Come to the table of grace; seek Him who gave you His life
Remember the price that was paid, the gift of His sacrifice
Come to the table of grace; love there to comfort and hold
Remember the cost of His life, given to free ev’ry soul.
Come to the table, the table of grace
from “Come to the Table of Grace” by Pete Carlson
Forget the concept of the atonement embedded within this song. The melody is pretty, the lyrics humble and reverent. It’s an invitation to remember the death of Christ and commune with a God who loves us through the ancient rite of the Lord’s Supper (the Eucharist).
Believe it or not, my family attends a PCA Presbyterian church in our neighborhood. By design, none of the members know my personal positions, although a few, including the pastor and the choir director (yes, I do try to sing in the choir) are aware that I’m not Reformed.
Recently our choir was practicing the above song when one particular line prompted the choir member next to me to raise his hand and lodge an objection: “I think I have a theological problem with this song.” The choir director immediately knew what the problem was. One word: “…given to free every soul.” The choir member continued ruefully, “A little universalism creeping into the text.” (Prior to last week’s firestorm, this lyric would have been construed as more of a limited atonement issue specifically, but his statement shows that he’s obviously aware of and spooked by the new boogeyman in Reformed circles — thanks, Rob Bell.)
As you might guess, I was a little annoyed. Calvinistic proof-texts aside, there are clearly passages in the New Testament that speak more inclusively, and the Reformed reinterpret those passages to fit their preferred theology. So why couldn’t they do that with this lyric? Besides, it’s only sung once in the arrangement, and singing the song as written would not have turned anyone into an Arminian or a universalist. It was a matter of principle; it was an opportunity to ensure that damnable doctrine was given no quarter in this church.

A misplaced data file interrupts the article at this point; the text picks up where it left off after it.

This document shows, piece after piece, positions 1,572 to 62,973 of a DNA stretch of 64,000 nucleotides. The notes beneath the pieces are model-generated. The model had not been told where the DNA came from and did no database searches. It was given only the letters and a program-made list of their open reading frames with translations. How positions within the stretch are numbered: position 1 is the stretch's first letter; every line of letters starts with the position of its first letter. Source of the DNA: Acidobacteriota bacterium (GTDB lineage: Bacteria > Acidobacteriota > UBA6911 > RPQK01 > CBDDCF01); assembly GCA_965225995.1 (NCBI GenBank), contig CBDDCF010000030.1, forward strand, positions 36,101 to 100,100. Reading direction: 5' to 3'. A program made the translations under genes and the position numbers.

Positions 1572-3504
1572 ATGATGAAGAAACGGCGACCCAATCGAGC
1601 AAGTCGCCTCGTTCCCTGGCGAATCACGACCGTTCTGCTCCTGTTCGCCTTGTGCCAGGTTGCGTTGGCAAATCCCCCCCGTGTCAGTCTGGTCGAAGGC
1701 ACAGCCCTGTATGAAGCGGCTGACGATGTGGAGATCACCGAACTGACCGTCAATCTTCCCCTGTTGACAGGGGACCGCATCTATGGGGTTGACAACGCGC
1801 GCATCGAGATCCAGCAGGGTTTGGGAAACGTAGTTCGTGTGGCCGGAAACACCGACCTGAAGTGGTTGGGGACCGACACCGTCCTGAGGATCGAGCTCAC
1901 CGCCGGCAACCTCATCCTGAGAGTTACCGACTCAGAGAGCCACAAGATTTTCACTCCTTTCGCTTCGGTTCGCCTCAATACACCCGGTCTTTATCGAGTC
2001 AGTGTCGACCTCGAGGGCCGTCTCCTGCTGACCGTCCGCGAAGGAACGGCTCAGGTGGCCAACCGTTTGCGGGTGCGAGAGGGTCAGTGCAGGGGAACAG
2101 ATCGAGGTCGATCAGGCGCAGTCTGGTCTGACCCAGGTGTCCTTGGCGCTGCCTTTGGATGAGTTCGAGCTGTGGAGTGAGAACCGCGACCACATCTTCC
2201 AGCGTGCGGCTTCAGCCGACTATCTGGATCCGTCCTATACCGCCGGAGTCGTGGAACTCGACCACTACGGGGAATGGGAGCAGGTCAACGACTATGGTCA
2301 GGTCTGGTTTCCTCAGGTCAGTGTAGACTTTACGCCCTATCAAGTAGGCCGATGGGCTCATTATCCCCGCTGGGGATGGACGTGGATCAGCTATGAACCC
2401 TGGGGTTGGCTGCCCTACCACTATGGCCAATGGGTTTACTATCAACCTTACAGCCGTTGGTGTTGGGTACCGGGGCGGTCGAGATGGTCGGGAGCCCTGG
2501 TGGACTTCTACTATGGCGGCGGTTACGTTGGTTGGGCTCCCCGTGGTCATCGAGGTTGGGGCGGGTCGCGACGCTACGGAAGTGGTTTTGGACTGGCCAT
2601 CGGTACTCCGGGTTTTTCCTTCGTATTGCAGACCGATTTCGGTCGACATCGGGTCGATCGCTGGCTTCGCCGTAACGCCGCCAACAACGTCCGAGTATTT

Seemingly the only other person annoyed by his objection bravely pointed out that the previously practiced song had quoted John 3.16 (“God so loved the world“), but this was vaguely dismissed as “different”. Not wanting to debate limited atonement with a room full of Presbyterians, I still desired to suggest that non-exclusivistic language is actually common within Scripture itself, and they dutifully reinterpret (or ignore) it elsewhere with nary a second thought. So I subtly quoted 1 Timothy 4.10, “the Saviour of all people, especially of those who believe,” but apparently no one was familiar with the passage and it fell on deaf ears as though I had said nothing. The director was happy enough to take suggested emendations, and someone wryly suggested “given to free chosen souls,” which struck us all with its hubris; I had to admit that it was at least an honest statement of their belief, and I think it sunk in among many of them anew that this was in fact what they believed. Ultimately the decision was tabled for later so we could get on with practice.
But it won’t leave the objector’s mind. As we sing the song again, he decides he likes the “chosen souls” substitution. Did I say I he liked it? He loved it. He got positively giddy at the prospect of shocking too-comfortable Calvinists and uncomfortable non-Calvinists in the congregation with a doctrinal affirmation so stark. When we started to sing the song again, he nudged those around him and whispered with a wild, I’m-nailing-the-ninety-sixth-thesis-to-the-door look in his eyes, “We’re going to sing chosen souls.” It was part suggestion, part test of courage: because of his conviction that all of us were good Calvinists, the question was whether we were going to step up to the plate and belt out this “doctrine of grace” with pride.
After my initial response was ignored, I hoped against hope that someone would ask me my opinion on the matter so that I could say, “If Paul can say, ‘As in Adam all died, so in Christ shall all be made alive,’ then I won’t feel bad about saying ‘free ev’ry soul.'”
At the end of practice, the conscientious objector formally suggested “chosen souls,” and the director, now realizing the fact that anything else would be tantamount to compromise against the gospel itself, asked if there were any objections. I didn’t say anything: it would have been the start of a debate I wasn’t prepared for, and I just wanted to get out of there.
As I’m sure you can tell by this post having no particular point, I’m still stewing a bit at the hubris of the revised lyric. Could there be a more obvious way of undermining the beauty and humility characterizing the original lyrics? Could they not find a way to avoid compromising their “gospel” without sounding like self-congratulatory, exclusivistic jerks?
I’d like to emphasize that this occasion is mostly atypical of this congregation, or we wouldn’t be attending. I only know that if I am in the service when this is sung, I will articulate the more clearly, “given to free ev’ry soul!”Tagged with: election • limited atonement • universalism